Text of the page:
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Tax Havens

Domicile Structured Finance Entities

Structured financial entities are established by financial institutions (banks and companies) to sell their debt securities to investors.

Domicile Captive Insurance Businesses

A captive insurance business is an insurance company that is wholly owned and controlled by the insured.

Domicile Hedge Funds

Eighty percent of the world’s hedge funds worth US$800 billion are domiciled in the Cayman Islands.

Trading with the Tax Haven’s Local Population

Many companies including Telstra have established entities in tax havens as they operate trading businesses in those tax havens servicing the local population. 

Delaware's Flexible Corporate Laws Attract Business

Businesses choose Delaware simply because of their flexible corporate laws, highly respected Court of Chancery, and a business-friendly State Government.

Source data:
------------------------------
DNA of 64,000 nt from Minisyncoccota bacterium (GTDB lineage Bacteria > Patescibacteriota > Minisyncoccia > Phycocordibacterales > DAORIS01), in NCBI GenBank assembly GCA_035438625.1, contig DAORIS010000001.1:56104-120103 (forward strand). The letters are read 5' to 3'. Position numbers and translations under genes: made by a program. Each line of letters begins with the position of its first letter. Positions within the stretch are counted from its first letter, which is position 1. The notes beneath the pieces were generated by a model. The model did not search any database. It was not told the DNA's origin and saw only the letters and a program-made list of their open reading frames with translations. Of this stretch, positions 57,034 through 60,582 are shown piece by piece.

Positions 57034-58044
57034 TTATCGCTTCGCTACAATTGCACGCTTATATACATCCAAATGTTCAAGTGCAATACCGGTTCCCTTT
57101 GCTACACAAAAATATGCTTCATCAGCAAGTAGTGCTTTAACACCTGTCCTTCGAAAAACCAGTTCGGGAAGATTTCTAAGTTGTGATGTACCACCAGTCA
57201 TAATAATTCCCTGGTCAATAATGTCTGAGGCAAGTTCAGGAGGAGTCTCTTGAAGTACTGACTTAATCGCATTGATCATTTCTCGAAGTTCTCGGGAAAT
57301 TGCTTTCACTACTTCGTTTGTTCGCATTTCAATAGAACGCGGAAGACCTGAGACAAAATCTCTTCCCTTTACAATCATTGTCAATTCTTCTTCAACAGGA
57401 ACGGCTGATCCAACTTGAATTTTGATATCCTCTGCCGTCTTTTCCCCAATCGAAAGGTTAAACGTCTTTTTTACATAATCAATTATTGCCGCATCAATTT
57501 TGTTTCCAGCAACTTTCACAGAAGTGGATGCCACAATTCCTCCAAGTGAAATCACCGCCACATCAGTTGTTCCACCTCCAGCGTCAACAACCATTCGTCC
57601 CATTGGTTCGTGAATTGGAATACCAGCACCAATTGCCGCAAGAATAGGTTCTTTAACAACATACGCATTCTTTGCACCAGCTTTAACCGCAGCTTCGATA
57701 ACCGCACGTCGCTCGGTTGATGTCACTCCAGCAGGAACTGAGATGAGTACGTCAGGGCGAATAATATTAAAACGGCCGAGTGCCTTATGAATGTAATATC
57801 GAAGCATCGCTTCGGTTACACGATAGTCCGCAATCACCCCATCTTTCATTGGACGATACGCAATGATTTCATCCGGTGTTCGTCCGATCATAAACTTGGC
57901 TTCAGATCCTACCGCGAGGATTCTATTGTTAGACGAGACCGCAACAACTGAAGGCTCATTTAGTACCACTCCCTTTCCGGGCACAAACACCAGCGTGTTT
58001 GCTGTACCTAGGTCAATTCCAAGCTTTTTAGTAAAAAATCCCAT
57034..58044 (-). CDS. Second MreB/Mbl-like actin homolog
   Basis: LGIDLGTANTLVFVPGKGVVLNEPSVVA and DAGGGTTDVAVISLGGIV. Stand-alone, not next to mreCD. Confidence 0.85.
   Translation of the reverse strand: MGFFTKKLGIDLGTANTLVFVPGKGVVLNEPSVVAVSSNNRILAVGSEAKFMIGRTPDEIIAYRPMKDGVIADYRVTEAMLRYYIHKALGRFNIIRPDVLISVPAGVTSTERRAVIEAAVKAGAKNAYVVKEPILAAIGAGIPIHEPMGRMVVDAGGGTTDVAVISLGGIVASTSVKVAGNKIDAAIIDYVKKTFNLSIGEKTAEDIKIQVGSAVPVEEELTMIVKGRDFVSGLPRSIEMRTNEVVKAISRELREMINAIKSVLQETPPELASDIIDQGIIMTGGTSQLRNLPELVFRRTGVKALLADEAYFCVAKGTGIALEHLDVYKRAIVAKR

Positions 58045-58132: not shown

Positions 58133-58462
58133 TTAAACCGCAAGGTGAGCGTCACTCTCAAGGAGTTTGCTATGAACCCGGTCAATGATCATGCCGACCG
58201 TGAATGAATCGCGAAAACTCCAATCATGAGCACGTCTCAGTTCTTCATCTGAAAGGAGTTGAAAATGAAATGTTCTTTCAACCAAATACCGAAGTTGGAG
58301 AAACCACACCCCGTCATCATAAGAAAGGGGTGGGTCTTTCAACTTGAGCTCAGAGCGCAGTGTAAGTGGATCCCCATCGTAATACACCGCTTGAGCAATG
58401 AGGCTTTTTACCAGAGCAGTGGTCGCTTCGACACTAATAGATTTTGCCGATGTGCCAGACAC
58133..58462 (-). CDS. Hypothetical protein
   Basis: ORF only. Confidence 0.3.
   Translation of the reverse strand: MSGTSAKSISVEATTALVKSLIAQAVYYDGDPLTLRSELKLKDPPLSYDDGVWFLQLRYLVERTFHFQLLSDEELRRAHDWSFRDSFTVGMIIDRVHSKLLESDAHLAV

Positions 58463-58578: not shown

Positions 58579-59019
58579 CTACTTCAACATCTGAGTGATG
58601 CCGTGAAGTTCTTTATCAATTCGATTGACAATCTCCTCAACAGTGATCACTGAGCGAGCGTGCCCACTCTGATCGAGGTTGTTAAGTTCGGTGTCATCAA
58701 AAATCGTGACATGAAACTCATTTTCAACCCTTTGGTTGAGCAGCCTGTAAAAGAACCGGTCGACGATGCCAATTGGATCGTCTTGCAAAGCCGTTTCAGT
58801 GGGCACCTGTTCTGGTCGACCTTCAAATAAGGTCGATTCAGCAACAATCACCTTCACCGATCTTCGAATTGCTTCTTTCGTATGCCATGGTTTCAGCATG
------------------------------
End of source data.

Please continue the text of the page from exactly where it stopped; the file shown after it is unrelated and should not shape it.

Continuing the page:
Tax Havens Require Political and Economic Stability to Flourish

Without political and economic stability, no amount of tax inducement can bring in outside investors. The political and economic stability of tax havens like Switzerland are a magnet for huge capital inflows.

Lack of Exchange Controls Offer Investor Confidence

The key reason Hong Kong is among the world’s largest financial centres is that it doesn’t have any currency controls.

Bank Secrecy in Tax Havens

Bank secrecy is a legal requirement in most tax havens and this prohibits banks providing authorities personal and account information about their customers.

Asset Protection

The Cook Islands claims to be the first country to have enacted an explicit asset protection law (in 1989 with its International Trusts Act).

Locating Holding Companies

Locating a holding company in a tax haven can be used to bring together investors from various countries who are investing in businesses that are in turn operating in numerous countries.